Germany tops G8 climate action ranking

Sabine Devins
Sabine Devins - [email protected] • 1 Jul, 2009 Updated Wed 1 Jul 2009 15:31 CEST
image alt text

Germany is performing ahead of other G8 nations in the fight against climate change according to the World Wildlife Fund’s G8 Climate Scorecard released on Wednesday. But the country barely got a passing grade.

It was the only country to surpass the 50 percent mark, while the UK and France were not far behind, the WWF said. The ranking measures improvements to greenhouse gas emissions in three equal-weighted categories: Improvements since 1990, current status and policies for the future.

“Germany needs to commit to a long-term goal and base those climate policies on scientific data. If it does that, then its score will improve even more,” Dr. Thomas Duveau, officer of the climate and finance sector for the WWF told The Local. “This is a relative ranking. In absolute terms, Germany is doing half of what it needs to do.”

Duveau added Germany’s success with setting mid-term goals moved them up from last year’s third place to first. A law enacted this year, which set a target of a 40 percent reduction in greenhouse emissions by 2020, boosted Germany to the top of the rankings.

The UK and France fared relatively well on the list because of their long-term goals, which respectively aim for an 80 percent and 75 percent reduction of emissions down to 1990 levels. Duveau says since the laws have come in to play, industries are adjusting.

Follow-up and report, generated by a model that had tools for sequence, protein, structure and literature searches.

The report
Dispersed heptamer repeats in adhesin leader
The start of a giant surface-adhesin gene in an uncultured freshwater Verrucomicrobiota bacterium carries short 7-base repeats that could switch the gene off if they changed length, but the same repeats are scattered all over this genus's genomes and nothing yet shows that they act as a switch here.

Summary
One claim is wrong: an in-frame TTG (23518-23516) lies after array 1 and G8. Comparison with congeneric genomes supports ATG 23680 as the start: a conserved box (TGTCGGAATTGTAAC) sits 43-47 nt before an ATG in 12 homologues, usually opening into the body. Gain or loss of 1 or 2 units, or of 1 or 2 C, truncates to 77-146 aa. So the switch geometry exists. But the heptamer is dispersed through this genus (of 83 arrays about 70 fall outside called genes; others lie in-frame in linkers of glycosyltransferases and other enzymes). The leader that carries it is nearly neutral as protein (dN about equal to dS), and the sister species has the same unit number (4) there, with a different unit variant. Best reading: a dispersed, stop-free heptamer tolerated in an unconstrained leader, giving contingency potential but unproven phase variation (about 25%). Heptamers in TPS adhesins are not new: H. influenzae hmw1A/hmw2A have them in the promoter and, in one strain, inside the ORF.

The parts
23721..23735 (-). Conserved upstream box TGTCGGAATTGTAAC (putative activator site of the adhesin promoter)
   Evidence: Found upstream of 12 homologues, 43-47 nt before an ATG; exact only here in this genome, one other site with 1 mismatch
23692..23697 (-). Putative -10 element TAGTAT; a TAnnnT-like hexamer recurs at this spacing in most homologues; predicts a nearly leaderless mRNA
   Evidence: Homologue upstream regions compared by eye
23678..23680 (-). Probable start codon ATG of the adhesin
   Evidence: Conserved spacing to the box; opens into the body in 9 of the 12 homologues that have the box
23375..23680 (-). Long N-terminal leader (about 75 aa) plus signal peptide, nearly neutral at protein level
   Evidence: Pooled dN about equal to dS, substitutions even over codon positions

“Companies will have to use innovation to adapt to the targets. Since a concrete law has passed in the UK that tells the companies they must reduce their emissions, they’ve adapted. Businesses need to translate what climate change means for them and apply it to their future plans,” he said.

Canada was at the bottom of this year’s rich G8 countries, having among the highest per capita carbon emissions in the world, spurred along by its high-pollution oilsands industry.

Meanwhile new climate policies announced by the Obama administration in the United States helped that country move up from the bottom of the list to seventh place.

“Looking at the scorecard, Germany can be a role model in renewable energy, but no individual country is performing well on all 10 criteria in the report,” said Duveau. “You need to take a combination of all countries in order to get the ideal.”

The report, done in association with German insurance giant Allianz for the third year in a row, was released ahead of the G8 summit in L’Aquila, Italy, starting July 8 and ahead of December’s UN climate summit in Copenhagen, in which a follow-up treaty to the Kyoto Accord will be negotiated.

The WWF says a 95 percent reduction in greenhouse gases from 1990 levels needs to be made in order to slow climate change.



Sabine Devins 2009/07/01 15:31

Please keep comments civil, constructive and on topic – and make sure to read our terms of use before getting involved.

Please log in to leave a comment.

See Also